Field Ecology BIOL*4410
Wildlife Research Station, Lake Sasajewun,
Field Ecology is offered annually in august at the Wildlife Research Station, Algonquin Provincial Park, Ontario. Students are responsible for designing, conducting and writing-up two independent research projects. Emphasis is placed on rigorously testing specific hypotheses in the field.
Students work closely with instructors during the first three days of the course. Instructors conduct modules that emphasize natural history, experimental design, field techniques, and statistical procedures. During this initial period, students must also refine their own hypotheses. Developing interesting hypotheses to test is surprisingly difficult; therefore, successful projects involve planning ahead. It is important to have identified several potential ecological problems to investigate prior to arriving at the research station. Instructors are available to discuss the feasibility of projects before the start of the field course. One of the projects must have a significant plant component.
The remaining ten days of the course are spent in the field collecting data. Time passes very quickly and, consequently, successful projects are usually straightforward and use organisms that are abundant and easy to observe. The most interesting projects often use plants or insects as study subjects. Data may be collected by small groups (2-3 individuals), but each student is responsible for submitting her/his own scientific paper for each project by the end of September.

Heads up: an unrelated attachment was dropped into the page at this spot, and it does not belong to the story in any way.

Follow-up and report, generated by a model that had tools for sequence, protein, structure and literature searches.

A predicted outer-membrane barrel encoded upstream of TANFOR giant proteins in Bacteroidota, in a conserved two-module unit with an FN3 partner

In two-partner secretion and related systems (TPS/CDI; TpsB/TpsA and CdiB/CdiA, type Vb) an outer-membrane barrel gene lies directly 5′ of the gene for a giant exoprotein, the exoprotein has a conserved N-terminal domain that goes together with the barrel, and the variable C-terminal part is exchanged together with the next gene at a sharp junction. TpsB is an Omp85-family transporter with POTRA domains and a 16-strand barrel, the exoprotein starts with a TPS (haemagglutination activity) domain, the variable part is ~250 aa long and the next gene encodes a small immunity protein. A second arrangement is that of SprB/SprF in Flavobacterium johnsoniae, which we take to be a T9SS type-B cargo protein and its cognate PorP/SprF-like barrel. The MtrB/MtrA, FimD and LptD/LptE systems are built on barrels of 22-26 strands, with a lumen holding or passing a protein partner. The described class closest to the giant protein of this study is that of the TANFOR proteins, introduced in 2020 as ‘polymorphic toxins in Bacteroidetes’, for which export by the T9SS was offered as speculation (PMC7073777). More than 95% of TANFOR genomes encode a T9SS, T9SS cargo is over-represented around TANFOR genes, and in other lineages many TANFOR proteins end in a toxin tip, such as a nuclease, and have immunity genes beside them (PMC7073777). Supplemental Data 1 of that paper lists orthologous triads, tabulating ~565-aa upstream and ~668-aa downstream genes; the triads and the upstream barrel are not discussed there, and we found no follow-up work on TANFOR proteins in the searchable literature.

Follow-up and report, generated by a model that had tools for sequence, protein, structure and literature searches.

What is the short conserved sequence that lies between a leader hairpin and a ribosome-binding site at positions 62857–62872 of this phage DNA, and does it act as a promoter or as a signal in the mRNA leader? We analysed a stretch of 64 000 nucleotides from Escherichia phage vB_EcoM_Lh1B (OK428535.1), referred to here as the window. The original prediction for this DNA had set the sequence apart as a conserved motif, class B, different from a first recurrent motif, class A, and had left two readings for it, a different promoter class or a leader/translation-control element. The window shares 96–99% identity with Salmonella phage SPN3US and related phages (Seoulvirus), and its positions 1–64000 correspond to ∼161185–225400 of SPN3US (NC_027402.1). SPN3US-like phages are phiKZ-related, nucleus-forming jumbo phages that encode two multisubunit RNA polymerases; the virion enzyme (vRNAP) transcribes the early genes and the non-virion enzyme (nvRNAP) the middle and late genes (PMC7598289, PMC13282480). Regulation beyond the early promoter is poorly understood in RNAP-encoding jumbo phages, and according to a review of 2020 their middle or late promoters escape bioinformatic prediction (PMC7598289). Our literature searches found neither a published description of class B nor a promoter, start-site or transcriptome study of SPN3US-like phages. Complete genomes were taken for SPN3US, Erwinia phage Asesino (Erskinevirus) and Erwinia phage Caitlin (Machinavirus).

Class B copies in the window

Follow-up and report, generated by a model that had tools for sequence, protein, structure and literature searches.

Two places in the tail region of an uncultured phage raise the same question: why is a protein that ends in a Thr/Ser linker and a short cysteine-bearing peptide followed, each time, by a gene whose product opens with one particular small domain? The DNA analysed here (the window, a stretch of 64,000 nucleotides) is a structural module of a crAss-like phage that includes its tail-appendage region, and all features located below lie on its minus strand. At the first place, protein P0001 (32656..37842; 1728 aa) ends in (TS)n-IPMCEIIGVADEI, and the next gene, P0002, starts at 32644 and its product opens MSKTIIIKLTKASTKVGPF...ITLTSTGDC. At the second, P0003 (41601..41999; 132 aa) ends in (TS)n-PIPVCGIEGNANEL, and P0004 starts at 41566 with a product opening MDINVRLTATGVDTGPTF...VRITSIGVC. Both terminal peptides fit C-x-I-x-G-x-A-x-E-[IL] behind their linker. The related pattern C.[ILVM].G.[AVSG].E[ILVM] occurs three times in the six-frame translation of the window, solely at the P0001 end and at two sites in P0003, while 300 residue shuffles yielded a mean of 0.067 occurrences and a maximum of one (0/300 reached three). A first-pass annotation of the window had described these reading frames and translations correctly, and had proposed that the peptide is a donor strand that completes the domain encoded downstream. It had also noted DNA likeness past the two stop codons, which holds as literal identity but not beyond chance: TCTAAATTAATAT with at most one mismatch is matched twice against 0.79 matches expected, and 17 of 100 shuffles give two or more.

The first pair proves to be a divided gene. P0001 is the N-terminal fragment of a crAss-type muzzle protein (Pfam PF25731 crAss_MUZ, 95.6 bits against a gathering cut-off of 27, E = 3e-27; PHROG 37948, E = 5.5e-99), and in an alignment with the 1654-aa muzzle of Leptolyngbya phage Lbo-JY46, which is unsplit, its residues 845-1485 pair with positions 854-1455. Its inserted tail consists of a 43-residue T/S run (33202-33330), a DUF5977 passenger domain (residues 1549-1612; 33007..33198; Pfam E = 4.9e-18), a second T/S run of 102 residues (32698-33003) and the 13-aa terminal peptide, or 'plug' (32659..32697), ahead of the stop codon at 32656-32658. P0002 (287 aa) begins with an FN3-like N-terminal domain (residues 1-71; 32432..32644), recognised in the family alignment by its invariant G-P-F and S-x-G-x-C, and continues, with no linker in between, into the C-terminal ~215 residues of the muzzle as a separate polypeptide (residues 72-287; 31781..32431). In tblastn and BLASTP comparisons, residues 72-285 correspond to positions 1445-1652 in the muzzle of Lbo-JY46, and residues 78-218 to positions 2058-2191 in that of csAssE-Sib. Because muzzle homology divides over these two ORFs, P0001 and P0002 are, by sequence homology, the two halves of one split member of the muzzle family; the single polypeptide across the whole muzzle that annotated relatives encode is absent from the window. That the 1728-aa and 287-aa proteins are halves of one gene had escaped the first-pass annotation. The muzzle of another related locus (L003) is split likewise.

This course requires a great deal of self-motivation and, naturally, student will only get out of it what they put into it. That said, the course functions as a useful introduction to conducting independent science and as preparation for further research. It is also a lot of fun..
Specific details for this year‘s offering can be found in the Course Outline.
For additional course information contact:
Dr. Ryan Norris
Department of Integrative Biology
University of Guelph,
Guelph, ON, Canada
519-824-4120, ext. 56300